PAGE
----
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Life in Kazakhstan beckons again for the Quambatook family after three years in a Central Asian village

There are 19 million people in Kazakhstan – and until recently, five of them came from the small town of Quambatook in Victoria.

Eliza, her husband David, and their three children have just returned from a three-year stay in the Central Asian country, teaching English and running a furniture and machine shop through an Australian Christian development organization.

Eliza and David, who grew up on Mallee’s farms, said the similarities between village life in Kazakhstan and the old way of life in rural Victoria struck them.

“We live on the edge of a village where herders take their cattle out every morning and bring them back in the evening and where people milk their cows and do many of those activities that our families used to do,” Eliza said.

“Our parents used to slaughter a sheep and cut it up on the kitchen table, and that’s what our neighbors do… my father used to milk a cow when I was little, not anymore, but many people in our area in Kazakhstan still do that always things.”

Eliza’s children Caitlyn, Jude, and Dustin admire a Bronze Age rock carving. (Provided: Eliza)

They lived in a house along the border with Kyrgyzstan and said the mountain scenery was “spectacular”.

“If we turn our eyes to the south, we see a beautiful mountain range, and when the coal smoke cleared, it was a beautiful view,” Eliza said.

“In the summer, the Kazakhs take their livestock, sheep, goats, cattle, horses, one or two donkeys, and move there for a few months, live in a yurt with their families, and graze that mountain plateau in those warmer months.

“Then school starts in September, so they pack everything up around that time and go back to the village to get through the winter, so that’s pretty impressive.”

A ‘fascinating mishmash’ of people

Kazakhstan is a geographically large country – the ninth largest in the world – stretching from the Caspian Sea in the west to China in the east, bordering Russia, Kyrgyzstan, and Uzbekistan.

During its tenure as a Soviet state, the USSR conducted atomic bomb tests in the north of the country and redistributed millions of people from other parts of the world to the region.

The capital Nur-Sultan of Kazakhstan, formerly known as Astana, is home to about 1 million people. (Wikipedia Commons)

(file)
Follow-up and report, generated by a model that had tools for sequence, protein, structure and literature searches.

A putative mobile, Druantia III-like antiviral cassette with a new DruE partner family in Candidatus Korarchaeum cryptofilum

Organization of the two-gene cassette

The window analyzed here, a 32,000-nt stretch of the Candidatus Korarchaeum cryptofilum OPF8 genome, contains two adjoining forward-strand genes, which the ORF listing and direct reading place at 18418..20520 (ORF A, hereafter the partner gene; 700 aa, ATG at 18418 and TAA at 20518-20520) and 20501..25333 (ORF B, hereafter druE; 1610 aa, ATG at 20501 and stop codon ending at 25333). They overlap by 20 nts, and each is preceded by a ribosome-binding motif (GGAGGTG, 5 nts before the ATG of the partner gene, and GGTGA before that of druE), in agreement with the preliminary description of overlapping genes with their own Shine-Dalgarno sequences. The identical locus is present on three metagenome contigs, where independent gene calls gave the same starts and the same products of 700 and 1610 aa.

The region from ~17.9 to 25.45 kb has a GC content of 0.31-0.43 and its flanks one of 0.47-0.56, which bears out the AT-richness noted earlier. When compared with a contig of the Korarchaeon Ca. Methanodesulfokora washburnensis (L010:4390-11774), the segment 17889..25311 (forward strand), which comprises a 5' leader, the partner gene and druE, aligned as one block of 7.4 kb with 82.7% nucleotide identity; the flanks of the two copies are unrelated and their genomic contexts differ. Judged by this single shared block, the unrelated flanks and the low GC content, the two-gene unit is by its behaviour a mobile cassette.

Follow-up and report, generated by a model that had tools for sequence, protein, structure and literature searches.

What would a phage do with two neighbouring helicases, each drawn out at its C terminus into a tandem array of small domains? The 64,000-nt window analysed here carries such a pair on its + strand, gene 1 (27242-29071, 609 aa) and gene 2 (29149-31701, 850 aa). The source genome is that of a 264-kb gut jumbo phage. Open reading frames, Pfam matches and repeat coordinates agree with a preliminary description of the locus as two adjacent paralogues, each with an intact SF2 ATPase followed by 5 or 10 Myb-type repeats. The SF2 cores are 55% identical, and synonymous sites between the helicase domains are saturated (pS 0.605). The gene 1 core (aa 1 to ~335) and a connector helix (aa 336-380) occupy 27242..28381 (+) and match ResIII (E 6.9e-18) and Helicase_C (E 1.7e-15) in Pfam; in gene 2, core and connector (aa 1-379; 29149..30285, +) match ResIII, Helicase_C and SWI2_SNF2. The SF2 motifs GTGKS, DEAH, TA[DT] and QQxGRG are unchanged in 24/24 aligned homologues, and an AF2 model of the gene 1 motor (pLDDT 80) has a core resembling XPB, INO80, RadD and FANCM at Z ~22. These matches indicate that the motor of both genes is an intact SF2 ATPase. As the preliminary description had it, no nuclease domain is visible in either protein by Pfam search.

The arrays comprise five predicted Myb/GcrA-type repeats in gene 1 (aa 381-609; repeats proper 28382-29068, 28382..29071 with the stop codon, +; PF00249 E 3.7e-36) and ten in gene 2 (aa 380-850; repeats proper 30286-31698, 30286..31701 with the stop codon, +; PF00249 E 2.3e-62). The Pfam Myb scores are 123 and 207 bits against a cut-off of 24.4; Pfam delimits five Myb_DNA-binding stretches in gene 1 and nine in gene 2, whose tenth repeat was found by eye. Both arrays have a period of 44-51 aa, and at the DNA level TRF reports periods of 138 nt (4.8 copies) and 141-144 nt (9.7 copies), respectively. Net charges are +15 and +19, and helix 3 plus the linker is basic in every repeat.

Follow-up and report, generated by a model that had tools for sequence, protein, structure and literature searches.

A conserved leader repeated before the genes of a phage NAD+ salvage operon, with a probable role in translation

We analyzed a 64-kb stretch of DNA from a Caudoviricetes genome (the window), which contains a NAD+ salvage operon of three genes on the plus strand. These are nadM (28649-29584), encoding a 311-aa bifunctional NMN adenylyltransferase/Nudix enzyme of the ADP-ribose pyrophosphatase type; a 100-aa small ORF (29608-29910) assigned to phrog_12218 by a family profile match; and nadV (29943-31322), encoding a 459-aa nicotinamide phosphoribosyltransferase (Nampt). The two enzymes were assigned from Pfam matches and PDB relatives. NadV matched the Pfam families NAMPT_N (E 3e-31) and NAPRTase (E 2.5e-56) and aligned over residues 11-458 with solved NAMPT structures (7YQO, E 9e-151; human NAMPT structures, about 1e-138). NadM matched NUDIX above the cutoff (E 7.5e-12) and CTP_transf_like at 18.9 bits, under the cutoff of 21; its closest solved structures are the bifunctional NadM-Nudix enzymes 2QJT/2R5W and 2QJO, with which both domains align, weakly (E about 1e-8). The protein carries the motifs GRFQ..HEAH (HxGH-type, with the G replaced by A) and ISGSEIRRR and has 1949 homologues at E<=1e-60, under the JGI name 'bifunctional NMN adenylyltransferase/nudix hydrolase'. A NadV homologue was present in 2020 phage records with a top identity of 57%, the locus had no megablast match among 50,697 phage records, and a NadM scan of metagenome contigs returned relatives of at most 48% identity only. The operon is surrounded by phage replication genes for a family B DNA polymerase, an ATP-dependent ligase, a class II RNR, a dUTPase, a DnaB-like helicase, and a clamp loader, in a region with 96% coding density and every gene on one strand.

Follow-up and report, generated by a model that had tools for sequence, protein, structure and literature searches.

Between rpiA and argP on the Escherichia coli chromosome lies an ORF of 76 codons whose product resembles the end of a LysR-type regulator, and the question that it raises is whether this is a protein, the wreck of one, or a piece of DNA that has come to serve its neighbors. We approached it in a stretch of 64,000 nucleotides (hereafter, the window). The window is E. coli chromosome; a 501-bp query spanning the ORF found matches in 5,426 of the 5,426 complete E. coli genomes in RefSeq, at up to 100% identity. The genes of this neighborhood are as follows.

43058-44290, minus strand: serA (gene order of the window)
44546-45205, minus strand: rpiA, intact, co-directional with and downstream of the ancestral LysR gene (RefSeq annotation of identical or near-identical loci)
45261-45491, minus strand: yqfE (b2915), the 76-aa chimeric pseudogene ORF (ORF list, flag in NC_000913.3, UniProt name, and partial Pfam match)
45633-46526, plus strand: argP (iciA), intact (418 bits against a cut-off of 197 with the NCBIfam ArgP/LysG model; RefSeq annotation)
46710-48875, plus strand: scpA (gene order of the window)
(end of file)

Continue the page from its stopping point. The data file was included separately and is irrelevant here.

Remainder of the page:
This has meant that Kazakhstan is home to a range of people from different ethnic backgrounds, including Ukrainians, Tatars, Italians, Turks, Germans, Uyghurs, and Russians, leading to a “fascinating mix” in her village, according to Eliza.

“Kazakhs are still rediscovering what it means to be Kazakh,” she said.

“Your ethnicity is on your ID card so that you could have been born in another country, but if your father was Uyghur, Kazakh, or Turkish, it’s on the card.

“They asked us what nationality we were, and we said, ‘We’re Australian’, and they said, ‘Yeah, but where are you really from? Are you from England?’

Eliza said evidence of the Soviet government can still be seen in the largest city, Nur-Sultan, and across the country.

“There’s a run-down concrete infrastructure all over the countryside, former collective farms made of… Russian concrete that won’t last,” she said.

“There’s a lot of baggage left over [era]†

A dog waiting

The government of Kazakhstan aims to make all their people trilingual – able to speak Kazakh, Russian, and English.

This has created a high demand for English teachers like herself, Eliza said.

“Children start learning English from first grade, but often from teachers who cannot speak it themselves, so there is a great need for native English speakers to help with their English studies.”

The family adopted their Kazakh dog Zhildam, who is still awaiting their return. (Provided: Eliza)

The family plans to return to Kazakhstan in September for another three years.

“We have a dog waiting for us, so the kids will be ready to get back to her after a few lovely months here in Australia,” Eliza said.

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Dorothy R. Barrett

I’m a full-time blogger by passion. This is my first blog, and I'm excited to share everything that I love about technology, business, and lifestyle with you. I’m a writer by trade, and I can be found writing about tech, business, and lifestyle on my personal blog.

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